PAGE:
On Oct. 27, Hava Artahamov and her 22-year-old daughter, Madina, emerged from a basement shelter at 10 a.m. At that moment, a shell exploded in front of their home. Shrapnel pierced and shattered Madina's two arms and broke her left leg below the knee. In the first war, an artillery shell broke her right leg, which had since healed. "Are they aiming for my daughter's heart? The Russians are razing Samashki to the ground," Hava Artahamov said. "Why do this? It is senseless."
Halbasiyev and Madina Artahamov lay in the trauma ward at Sunzhensky district hospital in the Ingush town of Sleptsovskaya. A dozen rooms were crammed with civilian wounded from across Chechnya. Victims with broken limbs lay awkwardly, their legs and arms kept in place by pins and traction. Movement made the patients moan. Several were amputees. Three victims lay on cots in the hall because there is no space in the rooms.
Some patients were wounded fleeing Samashki. Russians have been bombing the roads, witnesses said.
In a men's ward, Ruslan Isayev lay silent, a blanket covering the stumps of his legs. The truck driver had tried to flee Samashki by foot on Oct. 29, a day of particularly heavy bombing and shelling. A group of 10 headed south toward Novy Sharoi when rockets crashed around them. Shrapnel mangled both of Isayev's legs. An ambulance took him to a hospital in Urus-Martan, 15 miles to the southeast. Gangrene set in after four days, and on the fifth, doctors amputated. "They didn't have enough medicine to fight infection. I would have died, they said, if they didn't cut," Isayev said. "It was all for lack of medicine."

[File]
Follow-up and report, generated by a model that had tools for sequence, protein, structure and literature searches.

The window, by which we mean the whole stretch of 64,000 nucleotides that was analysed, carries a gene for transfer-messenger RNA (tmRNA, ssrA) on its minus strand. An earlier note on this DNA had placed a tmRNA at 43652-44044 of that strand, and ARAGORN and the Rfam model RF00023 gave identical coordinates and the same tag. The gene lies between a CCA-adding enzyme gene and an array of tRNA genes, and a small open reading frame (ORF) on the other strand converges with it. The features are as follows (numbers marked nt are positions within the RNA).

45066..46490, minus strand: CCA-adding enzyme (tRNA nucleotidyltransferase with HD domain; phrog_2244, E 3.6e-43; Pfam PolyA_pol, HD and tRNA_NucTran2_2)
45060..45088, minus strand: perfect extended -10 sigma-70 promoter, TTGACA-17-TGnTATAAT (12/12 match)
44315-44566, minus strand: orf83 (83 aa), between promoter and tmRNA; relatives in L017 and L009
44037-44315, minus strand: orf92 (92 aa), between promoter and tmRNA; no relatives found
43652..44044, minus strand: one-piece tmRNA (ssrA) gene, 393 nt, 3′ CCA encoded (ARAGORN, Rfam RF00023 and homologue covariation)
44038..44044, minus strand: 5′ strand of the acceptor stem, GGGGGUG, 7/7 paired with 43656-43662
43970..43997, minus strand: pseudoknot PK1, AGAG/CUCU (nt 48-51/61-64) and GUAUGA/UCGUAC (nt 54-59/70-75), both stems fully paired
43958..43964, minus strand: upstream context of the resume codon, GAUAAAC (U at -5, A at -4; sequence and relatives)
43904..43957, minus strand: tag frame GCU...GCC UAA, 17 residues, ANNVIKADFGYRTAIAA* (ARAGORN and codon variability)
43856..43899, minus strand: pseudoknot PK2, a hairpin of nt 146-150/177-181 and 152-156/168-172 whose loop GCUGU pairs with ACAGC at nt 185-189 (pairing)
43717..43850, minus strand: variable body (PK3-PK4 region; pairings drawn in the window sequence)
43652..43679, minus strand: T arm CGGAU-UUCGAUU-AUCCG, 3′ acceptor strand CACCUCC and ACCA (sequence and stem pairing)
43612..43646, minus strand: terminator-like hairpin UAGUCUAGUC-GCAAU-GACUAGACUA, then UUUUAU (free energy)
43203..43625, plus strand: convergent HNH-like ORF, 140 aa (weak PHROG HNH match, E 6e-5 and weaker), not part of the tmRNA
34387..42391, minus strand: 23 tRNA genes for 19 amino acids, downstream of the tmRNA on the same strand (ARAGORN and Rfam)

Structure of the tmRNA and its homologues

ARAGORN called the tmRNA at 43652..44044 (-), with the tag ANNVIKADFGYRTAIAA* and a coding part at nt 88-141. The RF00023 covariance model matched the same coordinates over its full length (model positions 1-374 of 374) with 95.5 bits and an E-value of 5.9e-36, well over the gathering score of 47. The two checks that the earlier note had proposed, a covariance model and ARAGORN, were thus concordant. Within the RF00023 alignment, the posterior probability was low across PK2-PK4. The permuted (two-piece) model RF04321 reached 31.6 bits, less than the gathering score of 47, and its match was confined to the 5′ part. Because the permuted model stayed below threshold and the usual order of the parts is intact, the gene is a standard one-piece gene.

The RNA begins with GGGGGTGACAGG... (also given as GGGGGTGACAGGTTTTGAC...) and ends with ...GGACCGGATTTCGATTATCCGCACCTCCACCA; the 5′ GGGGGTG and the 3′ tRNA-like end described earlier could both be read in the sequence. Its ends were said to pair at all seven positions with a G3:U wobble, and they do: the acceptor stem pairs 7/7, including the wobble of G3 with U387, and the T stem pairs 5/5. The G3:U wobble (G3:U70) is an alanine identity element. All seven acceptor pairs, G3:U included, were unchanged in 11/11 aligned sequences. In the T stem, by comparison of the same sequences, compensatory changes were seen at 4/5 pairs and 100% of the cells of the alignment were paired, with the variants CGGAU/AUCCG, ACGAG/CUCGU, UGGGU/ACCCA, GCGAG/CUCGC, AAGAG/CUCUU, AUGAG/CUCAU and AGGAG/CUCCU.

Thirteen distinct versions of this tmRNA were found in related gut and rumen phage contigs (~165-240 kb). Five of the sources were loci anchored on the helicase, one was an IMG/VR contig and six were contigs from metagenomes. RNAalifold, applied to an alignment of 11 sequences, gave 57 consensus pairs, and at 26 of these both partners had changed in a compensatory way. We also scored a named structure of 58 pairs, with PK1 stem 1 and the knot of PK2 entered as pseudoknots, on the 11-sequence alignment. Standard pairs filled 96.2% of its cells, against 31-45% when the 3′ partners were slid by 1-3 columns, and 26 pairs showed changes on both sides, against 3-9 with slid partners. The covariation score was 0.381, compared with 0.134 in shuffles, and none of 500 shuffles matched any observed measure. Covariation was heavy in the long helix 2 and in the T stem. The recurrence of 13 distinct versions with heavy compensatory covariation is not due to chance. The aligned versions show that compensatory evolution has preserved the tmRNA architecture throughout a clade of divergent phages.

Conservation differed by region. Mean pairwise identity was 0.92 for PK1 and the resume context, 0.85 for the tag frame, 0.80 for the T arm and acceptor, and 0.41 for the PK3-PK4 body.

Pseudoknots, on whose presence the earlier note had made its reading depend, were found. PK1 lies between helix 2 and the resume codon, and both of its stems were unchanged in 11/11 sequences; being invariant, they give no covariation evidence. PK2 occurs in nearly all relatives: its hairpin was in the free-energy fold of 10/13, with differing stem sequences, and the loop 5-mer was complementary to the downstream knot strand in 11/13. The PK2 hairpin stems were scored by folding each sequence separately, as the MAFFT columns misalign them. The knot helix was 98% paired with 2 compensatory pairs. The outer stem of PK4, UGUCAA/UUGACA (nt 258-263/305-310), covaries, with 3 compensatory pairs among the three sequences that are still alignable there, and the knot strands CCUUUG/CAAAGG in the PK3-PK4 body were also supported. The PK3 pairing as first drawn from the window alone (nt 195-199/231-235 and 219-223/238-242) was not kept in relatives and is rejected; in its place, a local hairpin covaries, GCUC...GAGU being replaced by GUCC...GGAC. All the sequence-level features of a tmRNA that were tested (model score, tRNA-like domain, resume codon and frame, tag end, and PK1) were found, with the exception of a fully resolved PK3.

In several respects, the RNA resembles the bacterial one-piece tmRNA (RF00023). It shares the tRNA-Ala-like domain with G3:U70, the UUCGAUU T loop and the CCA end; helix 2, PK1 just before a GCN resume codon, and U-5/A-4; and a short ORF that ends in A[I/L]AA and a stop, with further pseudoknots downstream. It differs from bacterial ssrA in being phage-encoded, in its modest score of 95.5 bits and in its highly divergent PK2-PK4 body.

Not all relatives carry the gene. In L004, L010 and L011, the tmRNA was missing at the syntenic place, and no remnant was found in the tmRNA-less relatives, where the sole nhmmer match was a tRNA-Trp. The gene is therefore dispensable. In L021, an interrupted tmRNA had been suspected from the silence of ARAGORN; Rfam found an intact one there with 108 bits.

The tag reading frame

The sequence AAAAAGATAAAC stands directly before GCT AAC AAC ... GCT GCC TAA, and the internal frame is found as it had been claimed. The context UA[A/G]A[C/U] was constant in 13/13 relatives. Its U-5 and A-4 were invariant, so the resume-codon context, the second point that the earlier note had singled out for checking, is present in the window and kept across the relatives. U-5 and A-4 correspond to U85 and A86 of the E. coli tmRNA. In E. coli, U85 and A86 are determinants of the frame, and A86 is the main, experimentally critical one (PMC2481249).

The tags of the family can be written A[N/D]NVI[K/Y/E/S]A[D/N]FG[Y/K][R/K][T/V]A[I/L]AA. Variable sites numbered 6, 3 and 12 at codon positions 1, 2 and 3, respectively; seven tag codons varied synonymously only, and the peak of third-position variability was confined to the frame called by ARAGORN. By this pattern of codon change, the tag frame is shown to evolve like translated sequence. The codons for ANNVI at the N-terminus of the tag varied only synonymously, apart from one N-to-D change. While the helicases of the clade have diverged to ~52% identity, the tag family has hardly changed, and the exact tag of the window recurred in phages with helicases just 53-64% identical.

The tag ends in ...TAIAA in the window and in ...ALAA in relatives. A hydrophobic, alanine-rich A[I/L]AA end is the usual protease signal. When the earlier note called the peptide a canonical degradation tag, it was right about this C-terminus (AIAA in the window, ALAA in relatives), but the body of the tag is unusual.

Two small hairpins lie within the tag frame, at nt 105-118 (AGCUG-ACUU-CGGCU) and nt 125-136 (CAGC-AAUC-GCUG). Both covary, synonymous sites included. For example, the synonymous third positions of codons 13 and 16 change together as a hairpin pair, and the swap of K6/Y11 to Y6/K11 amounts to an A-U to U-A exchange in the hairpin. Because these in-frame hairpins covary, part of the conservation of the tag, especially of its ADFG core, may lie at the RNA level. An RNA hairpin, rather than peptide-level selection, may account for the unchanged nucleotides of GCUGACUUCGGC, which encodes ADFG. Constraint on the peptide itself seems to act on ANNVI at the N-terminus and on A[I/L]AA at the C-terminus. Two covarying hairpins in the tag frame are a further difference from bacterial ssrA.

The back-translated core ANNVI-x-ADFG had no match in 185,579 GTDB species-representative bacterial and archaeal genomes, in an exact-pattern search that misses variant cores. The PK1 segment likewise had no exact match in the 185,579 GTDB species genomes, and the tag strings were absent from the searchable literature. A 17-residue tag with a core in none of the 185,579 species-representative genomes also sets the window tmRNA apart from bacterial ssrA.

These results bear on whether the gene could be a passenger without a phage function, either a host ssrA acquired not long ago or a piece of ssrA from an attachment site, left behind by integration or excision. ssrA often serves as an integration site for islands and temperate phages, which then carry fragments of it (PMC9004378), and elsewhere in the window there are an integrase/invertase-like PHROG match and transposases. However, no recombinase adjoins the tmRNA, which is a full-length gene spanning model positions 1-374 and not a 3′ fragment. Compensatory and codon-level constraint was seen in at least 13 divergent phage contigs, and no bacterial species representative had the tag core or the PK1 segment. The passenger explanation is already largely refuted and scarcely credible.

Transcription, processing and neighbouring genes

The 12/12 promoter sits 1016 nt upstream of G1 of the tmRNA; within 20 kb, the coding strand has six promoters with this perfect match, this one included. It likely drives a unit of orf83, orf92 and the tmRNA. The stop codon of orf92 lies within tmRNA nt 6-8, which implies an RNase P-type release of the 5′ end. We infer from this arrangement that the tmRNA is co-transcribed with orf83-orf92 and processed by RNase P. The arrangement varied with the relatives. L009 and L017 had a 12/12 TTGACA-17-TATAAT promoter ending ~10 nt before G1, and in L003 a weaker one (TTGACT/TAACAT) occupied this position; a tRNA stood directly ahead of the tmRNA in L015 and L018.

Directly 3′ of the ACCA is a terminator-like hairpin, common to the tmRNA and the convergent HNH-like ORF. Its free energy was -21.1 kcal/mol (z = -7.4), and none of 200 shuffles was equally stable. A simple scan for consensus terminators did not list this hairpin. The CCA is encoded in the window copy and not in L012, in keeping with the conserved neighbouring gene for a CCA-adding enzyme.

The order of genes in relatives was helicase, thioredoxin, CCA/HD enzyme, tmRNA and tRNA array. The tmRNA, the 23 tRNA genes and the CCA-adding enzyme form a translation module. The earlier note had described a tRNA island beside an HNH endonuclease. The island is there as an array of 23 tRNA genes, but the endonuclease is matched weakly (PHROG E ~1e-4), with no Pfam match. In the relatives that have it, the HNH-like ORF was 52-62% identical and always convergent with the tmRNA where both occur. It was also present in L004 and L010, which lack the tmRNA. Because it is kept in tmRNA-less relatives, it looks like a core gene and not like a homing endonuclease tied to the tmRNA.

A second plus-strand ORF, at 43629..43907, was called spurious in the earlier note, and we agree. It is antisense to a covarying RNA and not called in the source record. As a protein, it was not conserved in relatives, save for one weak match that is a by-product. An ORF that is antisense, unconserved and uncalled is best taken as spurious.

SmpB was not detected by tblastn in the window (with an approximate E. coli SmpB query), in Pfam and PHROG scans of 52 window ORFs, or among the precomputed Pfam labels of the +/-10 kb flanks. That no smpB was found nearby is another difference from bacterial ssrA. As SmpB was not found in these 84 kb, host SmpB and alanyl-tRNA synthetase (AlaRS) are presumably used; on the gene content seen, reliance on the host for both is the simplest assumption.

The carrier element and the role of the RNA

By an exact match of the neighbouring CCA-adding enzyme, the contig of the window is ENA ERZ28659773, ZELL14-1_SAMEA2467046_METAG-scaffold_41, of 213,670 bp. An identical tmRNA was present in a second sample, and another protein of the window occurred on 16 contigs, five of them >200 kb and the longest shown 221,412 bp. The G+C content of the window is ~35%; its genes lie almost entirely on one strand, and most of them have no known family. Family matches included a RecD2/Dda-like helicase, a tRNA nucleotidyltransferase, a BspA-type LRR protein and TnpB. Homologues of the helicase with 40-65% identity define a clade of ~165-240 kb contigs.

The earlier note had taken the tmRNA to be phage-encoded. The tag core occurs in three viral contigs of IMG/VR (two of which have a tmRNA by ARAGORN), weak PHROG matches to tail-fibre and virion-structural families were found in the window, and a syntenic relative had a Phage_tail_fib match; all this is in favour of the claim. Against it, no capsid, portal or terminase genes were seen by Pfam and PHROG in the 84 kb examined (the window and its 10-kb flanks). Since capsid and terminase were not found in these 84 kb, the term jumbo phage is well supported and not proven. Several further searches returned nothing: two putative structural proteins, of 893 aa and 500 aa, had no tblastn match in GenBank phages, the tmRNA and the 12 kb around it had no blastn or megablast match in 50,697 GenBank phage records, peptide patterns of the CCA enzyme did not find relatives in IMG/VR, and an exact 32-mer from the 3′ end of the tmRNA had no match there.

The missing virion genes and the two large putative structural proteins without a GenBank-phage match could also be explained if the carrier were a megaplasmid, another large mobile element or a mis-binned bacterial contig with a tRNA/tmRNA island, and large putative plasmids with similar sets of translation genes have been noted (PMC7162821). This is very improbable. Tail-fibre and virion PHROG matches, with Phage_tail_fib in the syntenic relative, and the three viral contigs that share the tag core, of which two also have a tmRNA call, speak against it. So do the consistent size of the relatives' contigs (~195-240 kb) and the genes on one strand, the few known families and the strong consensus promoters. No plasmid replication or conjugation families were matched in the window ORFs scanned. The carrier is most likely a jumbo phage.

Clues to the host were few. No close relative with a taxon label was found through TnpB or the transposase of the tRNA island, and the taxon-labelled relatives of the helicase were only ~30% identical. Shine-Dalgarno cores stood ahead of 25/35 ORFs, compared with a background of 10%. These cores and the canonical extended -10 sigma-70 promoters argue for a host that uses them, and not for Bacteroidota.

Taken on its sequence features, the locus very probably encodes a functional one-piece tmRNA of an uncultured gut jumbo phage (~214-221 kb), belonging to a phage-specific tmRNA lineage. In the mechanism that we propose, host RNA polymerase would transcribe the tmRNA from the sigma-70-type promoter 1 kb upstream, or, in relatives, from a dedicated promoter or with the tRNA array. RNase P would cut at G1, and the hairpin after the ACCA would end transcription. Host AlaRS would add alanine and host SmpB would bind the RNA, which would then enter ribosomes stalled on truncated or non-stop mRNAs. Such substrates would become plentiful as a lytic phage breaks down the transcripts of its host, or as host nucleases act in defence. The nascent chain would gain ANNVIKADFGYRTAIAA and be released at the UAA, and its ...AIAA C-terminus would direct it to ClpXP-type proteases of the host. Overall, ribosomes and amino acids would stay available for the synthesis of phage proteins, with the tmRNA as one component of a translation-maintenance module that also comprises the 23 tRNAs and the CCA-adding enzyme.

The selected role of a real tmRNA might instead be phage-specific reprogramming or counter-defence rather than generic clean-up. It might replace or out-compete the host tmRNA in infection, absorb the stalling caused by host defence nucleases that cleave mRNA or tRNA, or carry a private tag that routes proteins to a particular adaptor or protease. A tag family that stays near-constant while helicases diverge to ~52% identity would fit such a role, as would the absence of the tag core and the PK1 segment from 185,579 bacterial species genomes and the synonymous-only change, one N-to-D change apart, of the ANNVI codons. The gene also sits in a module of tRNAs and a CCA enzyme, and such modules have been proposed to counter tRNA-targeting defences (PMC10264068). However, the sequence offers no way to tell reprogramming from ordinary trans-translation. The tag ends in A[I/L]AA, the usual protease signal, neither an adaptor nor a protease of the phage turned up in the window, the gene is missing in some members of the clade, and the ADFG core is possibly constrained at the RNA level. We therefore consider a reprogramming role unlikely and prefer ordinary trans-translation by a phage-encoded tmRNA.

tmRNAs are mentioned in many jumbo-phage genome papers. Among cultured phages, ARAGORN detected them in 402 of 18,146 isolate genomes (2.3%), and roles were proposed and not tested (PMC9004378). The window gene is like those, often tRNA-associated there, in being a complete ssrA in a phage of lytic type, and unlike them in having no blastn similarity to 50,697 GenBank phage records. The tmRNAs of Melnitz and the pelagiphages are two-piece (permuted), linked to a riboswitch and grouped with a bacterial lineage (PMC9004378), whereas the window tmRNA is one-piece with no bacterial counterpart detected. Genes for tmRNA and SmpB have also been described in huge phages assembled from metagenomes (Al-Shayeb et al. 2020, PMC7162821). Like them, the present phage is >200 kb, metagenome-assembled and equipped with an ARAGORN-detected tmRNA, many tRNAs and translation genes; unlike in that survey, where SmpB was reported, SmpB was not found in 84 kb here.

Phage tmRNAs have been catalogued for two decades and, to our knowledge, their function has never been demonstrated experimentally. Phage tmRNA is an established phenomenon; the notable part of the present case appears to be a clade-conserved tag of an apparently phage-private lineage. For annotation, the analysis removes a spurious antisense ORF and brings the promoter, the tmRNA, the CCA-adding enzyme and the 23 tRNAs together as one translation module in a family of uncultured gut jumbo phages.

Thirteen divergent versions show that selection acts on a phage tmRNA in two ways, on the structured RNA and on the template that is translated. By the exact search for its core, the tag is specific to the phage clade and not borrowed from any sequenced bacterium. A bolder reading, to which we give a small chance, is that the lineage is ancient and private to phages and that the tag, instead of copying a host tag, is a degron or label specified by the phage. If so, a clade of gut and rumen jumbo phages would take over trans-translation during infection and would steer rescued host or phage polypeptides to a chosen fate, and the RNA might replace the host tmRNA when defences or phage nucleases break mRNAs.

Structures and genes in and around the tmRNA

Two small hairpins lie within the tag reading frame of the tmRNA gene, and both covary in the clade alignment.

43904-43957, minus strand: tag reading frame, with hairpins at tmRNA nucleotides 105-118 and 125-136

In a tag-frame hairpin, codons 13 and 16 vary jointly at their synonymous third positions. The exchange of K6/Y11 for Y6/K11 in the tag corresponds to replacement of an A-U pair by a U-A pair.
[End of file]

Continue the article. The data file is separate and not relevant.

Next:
Last week, he was evacuated by bus to Ingushetia.
Also on Oct. 29, Ruslan Mitsayev fled in his car and joined a convoy of refugees on the main road from Grozny to Ingushetia. The convoy included trucks with Red Cross markings. It was turned back at a checkpoint and as the vehicles headed east, jets bombed and rocketed. Mitsayev's car flipped into a ravine, and his legs were crushed. He woke up in Urus-Martan hospital. His legs had been cut off. "The planes are hunting from the air. They hit whatever moves," he said.
A few residents of Samashki did not wait for disaster to strike. Alihazhi Saitov, a fuel salesman, and his family fled on Sept. 29, just as the Russians invaded Chechnya. "I was in the last war. I wasn't going to wait out this one," he said. They live in a tent city near the border.
For the first few weeks, no humanitarian aid arrived. Saitov drove back to Chechnya to buy fuel to sell in Ingushetia. The Chechens refine their own oil in backyard refineries. "Every time I went back, more houses were ruined, more people killed or leaving," he said. Tightened border controls have ended his itinerant employment.
These days, refugees from all over Chechnya wait on the Ingush side of the frontier for new arrivals and word of their hometowns. "Anyone from Grozny? Anyone from Achkhoi-Martan? From Argun?" they call out to buses and pedestrians.
On Friday, in midafternoon, the danger was palpable at the border. Artillery struck a nearby unseen target in Chechnya and shock waves rattled cars at the Ingush checkpoint. A few moments later, a pair of jets streaked in an arc near the same area and fired rockets.
CAPTION: A refugee carries his daughter as he crosses the Chechen-Ingush border.